The opinion of the court was delivered by: Judge Sylvia H. Rambo
The instant petition is filed under 28 U.S.C. § 2241. Petitioner claims that the Bureau of Prisons improperly calculated his sentence. Because Petitioner has failed to exhaust his administrative remedies for resolving his claim, the court will deny his petition.
Petitioner Roger Redrick is currently incarcerated at the United States Penitentiary at Allenwood, Pennsylvania ("USP-Allenwood"). The factual background of Petitioner's sentence was set forth in this court's Memorandum in Redrick v. Williamson, No. 04-2393, 2005 WL 1155041 (M.D. Pa. May 4, 2005). No new facts are alleged. In the previous case, Petitioner sought to correct the computation of his prison sentence because he believed that he should have been given credit for time spent on parole. Id. at *2. In this petition, again he challenges the computation of his sentence by the Bureau of Prisons ("BOP"). He alleges that the BOP illegally added eleven years to his sentence.
After receiving his petition, the court ordered service upon Respondents and the United States Attorney. Respondents filed a brief in response to the petition on November 22, 2006. Attached to the response was the Declaration of Adam Ackley ("Ackley Declaration"). Mr. Ackley is employed by the BOP as an Attorney Advisor at the Consolidated Legal Center. (Ackley Decl. ¶ 1.) Mr. Ackley searched BOP records on prisoner petitions for administrative remedies. (Id. ¶¶ 2-4.) He found that Petitioner had not filed a complaint regarding the calculation of his sentence within the administrative system. (Id. ¶ 4.)
Petitioner was ordered to reply to Respondents' brief, if he so chose, within fifteen days. Fifteen days after November 22, 2006 was December 7, 2006. Petitioner did not submit a brief to the court on or before that date, nor has he filed one since. Accordingly, the court deems the matter ripe for disposition.
Because Petitioner seeks to correct the computation of his federal prison sentence, this action was properly filed under 28 U.S.C. § 2241. See Coady v. Vaughn, 251 F.3d 480, 485 (3d Cir. 2001) ("Section 2241 is the only statute that confers habeas jurisdiction to hear the petition of a federal prisoner who is challenging not the validity but the execution of his sentence."); Mitchell v. Dep't of Corr., 272 F. Supp. 2d 464, 476 (M.D. Pa. 2003) ("a challenge to the recalculation of a sentence [is] properly cognizable under 28 U.S.C. § 2241"). Under 28 U.S.C. § 2241(c)(3), a writ of habeas corpus may extend to a prisoner "in custody in violation of the Constitution or laws or treaties of the United States." Because Petitioner is proceeding pro se, the court will construe his submissions liberally in an effort to review his claims to the fullest extent permissible under federal habeas law. E.g., Hunterson v. DiSabato, 308 F.3d 236, 243 (3d Cir. 2002).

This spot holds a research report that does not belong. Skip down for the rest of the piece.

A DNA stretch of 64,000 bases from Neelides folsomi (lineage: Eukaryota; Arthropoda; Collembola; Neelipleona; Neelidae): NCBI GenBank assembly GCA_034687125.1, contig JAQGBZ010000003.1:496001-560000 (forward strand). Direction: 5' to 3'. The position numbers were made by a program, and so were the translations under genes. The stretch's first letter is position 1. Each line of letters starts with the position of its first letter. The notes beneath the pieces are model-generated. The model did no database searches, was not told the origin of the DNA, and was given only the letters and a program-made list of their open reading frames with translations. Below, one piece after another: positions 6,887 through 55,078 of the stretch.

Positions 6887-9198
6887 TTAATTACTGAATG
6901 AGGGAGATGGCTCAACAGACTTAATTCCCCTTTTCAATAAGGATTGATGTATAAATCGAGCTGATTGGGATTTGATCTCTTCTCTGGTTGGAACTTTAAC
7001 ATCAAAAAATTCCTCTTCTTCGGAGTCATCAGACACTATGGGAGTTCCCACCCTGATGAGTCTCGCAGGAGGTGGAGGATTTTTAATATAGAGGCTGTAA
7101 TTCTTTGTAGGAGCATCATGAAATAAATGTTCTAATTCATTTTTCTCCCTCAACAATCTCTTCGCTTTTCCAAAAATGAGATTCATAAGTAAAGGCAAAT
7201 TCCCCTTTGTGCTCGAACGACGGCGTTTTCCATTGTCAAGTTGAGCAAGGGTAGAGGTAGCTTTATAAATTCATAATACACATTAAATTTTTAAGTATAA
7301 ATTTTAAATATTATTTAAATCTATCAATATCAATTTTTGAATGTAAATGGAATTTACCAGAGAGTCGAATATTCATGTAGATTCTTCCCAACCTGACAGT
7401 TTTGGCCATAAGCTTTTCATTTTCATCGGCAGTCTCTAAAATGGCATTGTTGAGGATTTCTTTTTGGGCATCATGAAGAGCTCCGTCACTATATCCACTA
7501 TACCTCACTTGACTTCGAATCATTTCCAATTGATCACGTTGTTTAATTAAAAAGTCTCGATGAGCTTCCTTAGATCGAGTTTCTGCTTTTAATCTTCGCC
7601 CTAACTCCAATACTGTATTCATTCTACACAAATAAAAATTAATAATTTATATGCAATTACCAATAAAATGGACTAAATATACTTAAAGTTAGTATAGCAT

Ordinarily, a prisoner must exhaust his administrative remedies within the BOP before filing a § 2241 petition in a federal court. Moscato v. Bureau of Prisons, 98 F.3d 757, 760 (3d Cir. 1996); Bradshaw v. Carlson, 682 F.2d 1050, 1052 (3d Cir. 1981). This rule serves public policy by promoting development of the factual record, conserving judicial resources, and allowing the BOP to revisit its own decision to correct any error it may have made. Bradshaw, 682 F.2d at 1052. Strict adherence to the exhaustion rule is inappropriate, however, when the goals of the doctrine will not be served. Id. For example, when facts are undisputed and the only question presented is one of statutory construction, the court may hear the case without requiring administrative exhaustion. Id. (citing United States ex rel. Marerro v. Warden, Lewisburg Penitentiary, 483 F.2d 656, 659 (3d Cir. 1973).
The system of appeals within the BOP is set forth in 28 C.F.R. §§ 542.10-542.19. The purpose of the system is to allow an inmate to "seek formal review of an issue relating to any aspect of [his] own confinement." § 542.10(a) (emphasis added). The first step in the process is for the inmate to seek informal resolution with the staff of the prison. § 542.13(a). If the matter is not settled, the inmate may file a formal complaint with the Warden of the prison. Id. If the inmate is not satisfied with the Warden's decision, he may appeal to the Regional Director, then to the General Counsel. § 542.15(a). Appeal to the General Counsel is the final administrative appeal. Id.
The instant petition must be dismissed for failure to exhaust administrative remedies. According to the Ackley Declaration, Petitioner has not filed a complaint with the Warden of USP-Allenwood seeking redress of the alleged miscalculation of his sentence. (Ackley Decl. ¶ 4; Id. Attach. A.) He has not even begun the administrative remedy process, thus necessarily has not exhausted his appeals under the process. The court holds Petitioner to the exhaustion requirement because he alleges that the BOP has made a mistake in calculating his sentence. The question here is not one of statutory construction or a pure question of law for the court. Rather, calculating prisoner sentences is a task of the BOP. The BOP should have the opportunity to revisit its decision and correct itself, if necessary, before court intervention.
For the reasons stated above, the instant petition ...